The brother and sister, Fred and Hilda, lived near by but they had no knowledge of the deed until George, Jr., informed them of the fact after their father's death. All that is known concerning the deed, aside from its provisions and except the fact that George recorded it the third day after his father's death, is what Mabel had to say on the subject. As indicated, she went to Cape Girardeau with them the day the deed was executed. They had no previous arrangement concerning the trip. "He come out and he said, `Hurry up, the old man decided to let me have the place and I might need you and I want to get up there, he might change his mind before he gets there.'" The three of them rode to town in George's truck and neither the father nor the son mentioned a deed on the trip into town. The three of them went to a lawyer's office, "I guess he thought of that himself, I don't know," and she waited in the lawyer's waiting room while the father and son were in the lawyer's private office. They left the law office and the three of them made the trip home and "nobody said a word" about a deed. In addition, she said, "I come to town with them but I didn't see the deed." The deed is dated November 20, 1950, and thenceforward neither George nor the father talked to Mabel about the deed except that the father "told me three days before he died that George had never paid him a penny and wasn't going to he didn't guess." From the father's statement to Mabel that he had to let George have "the place" and that George had not "paid him a penny and wasn't going to he didn't guess," it is plain that he had given some consideration to the subject and it could be inferred, perhaps, that he intended either to deed the property to George or to sell it to him on some basis. But in these circumstances, there were no words, or "verbal acts," plainly indicative of the grantor's intention to deliver the deed beyond recall, on the day he signed and acknowledged it, thereby conveying a present interest in the land, Klatt v. Wolff, Mo., 173 S.W.2d 933, 937-938, and the essential fact of his intention in this vital respect must be found elsewhere. It should be noted, however, since the delivery of a deed and thereby its effectiveness as a conveyance is a matter of intention on the part of the grantor, manual delivery is not essential to effectuate a legal delivery, if the grantor's conduct indicates an intention on his part to relinquish all dominion or control over the deed and to have it become presently effective as a conveyance of title. Annotation 129 A.L.R. 11-12.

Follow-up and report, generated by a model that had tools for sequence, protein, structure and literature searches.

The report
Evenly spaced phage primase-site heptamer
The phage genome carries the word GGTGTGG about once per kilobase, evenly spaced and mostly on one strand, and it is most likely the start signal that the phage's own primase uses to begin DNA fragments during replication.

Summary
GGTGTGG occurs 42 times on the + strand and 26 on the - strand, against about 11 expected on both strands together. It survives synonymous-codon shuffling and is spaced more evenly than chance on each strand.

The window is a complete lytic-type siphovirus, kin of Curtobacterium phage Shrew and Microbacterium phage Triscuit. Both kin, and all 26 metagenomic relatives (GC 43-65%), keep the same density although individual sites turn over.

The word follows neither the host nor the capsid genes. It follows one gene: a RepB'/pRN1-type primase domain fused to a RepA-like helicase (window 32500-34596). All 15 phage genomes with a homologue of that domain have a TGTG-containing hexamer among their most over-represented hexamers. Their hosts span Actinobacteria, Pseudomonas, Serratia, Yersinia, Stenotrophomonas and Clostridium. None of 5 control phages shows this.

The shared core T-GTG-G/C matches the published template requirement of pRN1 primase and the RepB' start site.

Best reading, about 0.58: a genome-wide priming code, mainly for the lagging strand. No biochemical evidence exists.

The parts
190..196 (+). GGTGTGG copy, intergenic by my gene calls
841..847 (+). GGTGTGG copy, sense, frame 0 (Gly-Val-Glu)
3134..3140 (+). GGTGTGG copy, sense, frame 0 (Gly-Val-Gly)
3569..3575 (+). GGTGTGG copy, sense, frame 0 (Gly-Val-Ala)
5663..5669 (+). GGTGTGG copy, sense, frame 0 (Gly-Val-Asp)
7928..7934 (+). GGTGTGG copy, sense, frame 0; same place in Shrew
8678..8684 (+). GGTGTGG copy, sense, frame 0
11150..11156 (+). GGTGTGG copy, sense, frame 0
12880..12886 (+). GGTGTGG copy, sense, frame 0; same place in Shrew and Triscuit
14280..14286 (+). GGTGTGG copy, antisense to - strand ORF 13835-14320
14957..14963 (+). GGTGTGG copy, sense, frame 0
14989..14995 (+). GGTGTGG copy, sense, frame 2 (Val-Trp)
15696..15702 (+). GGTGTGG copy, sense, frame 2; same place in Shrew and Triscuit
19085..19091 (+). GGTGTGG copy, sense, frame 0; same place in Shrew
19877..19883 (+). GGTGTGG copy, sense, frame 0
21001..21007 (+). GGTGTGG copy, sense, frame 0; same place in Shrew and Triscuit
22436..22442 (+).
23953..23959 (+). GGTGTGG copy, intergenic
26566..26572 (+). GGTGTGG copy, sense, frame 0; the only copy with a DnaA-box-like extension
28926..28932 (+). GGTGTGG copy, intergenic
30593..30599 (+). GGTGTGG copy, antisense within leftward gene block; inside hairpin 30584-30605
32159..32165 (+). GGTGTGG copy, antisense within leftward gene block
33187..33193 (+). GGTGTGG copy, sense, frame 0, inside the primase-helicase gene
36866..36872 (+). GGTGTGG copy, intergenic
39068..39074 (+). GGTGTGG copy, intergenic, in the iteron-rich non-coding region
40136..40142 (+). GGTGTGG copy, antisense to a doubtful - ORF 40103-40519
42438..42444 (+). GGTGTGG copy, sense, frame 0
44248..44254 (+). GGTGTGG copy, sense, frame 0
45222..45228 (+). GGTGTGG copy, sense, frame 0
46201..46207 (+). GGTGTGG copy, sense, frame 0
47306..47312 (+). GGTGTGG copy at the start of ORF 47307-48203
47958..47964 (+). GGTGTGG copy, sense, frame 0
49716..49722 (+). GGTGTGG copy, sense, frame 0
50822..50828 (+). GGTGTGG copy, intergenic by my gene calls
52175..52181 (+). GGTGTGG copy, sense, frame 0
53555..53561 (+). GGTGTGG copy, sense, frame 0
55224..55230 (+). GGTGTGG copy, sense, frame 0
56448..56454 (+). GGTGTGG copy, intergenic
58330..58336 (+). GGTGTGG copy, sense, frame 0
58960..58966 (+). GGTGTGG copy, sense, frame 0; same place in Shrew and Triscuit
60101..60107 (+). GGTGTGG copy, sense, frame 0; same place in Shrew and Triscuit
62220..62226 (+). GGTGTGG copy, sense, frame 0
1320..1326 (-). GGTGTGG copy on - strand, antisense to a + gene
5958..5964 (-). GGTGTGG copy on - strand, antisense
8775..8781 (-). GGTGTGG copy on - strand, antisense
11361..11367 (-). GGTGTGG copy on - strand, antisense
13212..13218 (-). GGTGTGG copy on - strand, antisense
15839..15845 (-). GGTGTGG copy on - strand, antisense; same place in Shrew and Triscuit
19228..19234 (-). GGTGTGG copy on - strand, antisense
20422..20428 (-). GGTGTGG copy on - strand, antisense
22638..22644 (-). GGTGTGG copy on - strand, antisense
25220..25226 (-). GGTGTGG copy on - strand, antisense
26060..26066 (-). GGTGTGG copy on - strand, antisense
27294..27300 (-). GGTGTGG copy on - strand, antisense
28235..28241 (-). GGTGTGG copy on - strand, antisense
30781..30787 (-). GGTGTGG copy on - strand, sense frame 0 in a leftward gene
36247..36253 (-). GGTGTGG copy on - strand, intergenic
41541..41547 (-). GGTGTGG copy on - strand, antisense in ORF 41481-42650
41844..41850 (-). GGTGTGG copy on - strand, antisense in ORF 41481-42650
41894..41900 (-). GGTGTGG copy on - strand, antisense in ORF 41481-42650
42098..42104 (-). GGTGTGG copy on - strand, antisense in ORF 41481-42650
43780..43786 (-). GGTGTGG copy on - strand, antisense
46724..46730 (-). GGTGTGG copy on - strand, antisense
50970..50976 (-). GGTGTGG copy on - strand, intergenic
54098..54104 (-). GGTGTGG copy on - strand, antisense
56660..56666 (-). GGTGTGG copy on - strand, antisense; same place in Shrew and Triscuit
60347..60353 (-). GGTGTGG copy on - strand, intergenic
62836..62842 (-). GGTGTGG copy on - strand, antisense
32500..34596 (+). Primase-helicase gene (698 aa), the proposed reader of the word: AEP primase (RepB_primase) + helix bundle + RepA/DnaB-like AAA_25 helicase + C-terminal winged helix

In any event, the circumstances are distinguishable from the instances in which the grantor retains possession of an unrecorded deed and by his words and conduct plainly manifests his intention that the deed is not to be delivered to the grantee or become effective until after his death. Huev v. Huev, 65 Mo. 689; Forster v. Clark, 351 Mo. 59, 171 S.W.2d 647. It *541 plainly appears from the record that Mr. Oberman did execute the deed, there is no evidence that he retained possession of it, and George did record it. While the fact of Mr. Oberman's signing and acknowledging the deed does not in and of itself prove delivery, annotations 129 A.L.R. loc. cit. 48; 31 A.L.R.2d 532, 545, from the fact of George's recording the deed, it is a reasonably permissible inference that he had it in his possession, even though the circumstances in which it came into his possession are not apparent from this record. Zumwalt v. Forbis, 349 Mo. 752, 754, 163 S.W.2d 574. A compelling circumstance is the deed itself and its terms. It is a warranty deed and it purports to convey a present interest in the thirty-three acres to the grantee, George, Jr. Except for the fact that it expressly reserves a life estate to the grantor ("Subject, however, to a life estate in the First Party which is hereby expressly reserved") there is no manifestation from the deed of an intention that the effectiveness of the grantee's present interest is to be postponed. Annotation 31 A.L.R.2d 532. The fact is Mr. Oberman's reservation of a life estate is an indication that the instrument was not testamentary in character, McAlister v. Pritchard, 287 Mo. 494, 230 S.W. 66, and that he intended to effectively convey a present interest in the land. Noe v. Noe, 359 Mo. 867, 871, 224 S.W.2d 77, 79; annotations 129 A.L.R. loc. cit. 38; 31 A.L.R. 2d loc. cit. 570-578. In addition to reserving a life estate in the grantor, the deed contains this provision: "Second Party hereby covenants, as a part of the consideration for this deed, to pay to First Party on demand, the sum of Five Hundred ($500.00) Dollars, and to further pay within six (6) months after the death of First Party, to Woodrow W. Oberman, grandson of First Party, the sum of Five Hundred ($500.00) Dollars, and to pay to Paul Frederick Oberman and Walter Oberman, grandsons of First Party jointly, likewise within six months after the death of First Party, a like sum of Five Hundred ($500.00) Dollars." In October 1952 George, Jr., paid Fred's sons, Paul Frederick and Walter, $500 and the sons and their father endorsed and cashed the check. Likewise he paid Mrs. Lape's son, Woodrow, $500. In his answer George plead that he had paid his father $500, but there was no evidence of the fact that he had or that his father, in the language of the "covenant," had demanded payment. George did pay $314.95 on his father's funeral bill, as well as certain other sums, and the inference that he would have drawn is that these payments were made by reason of or in lieu of the $500 provided in the deed.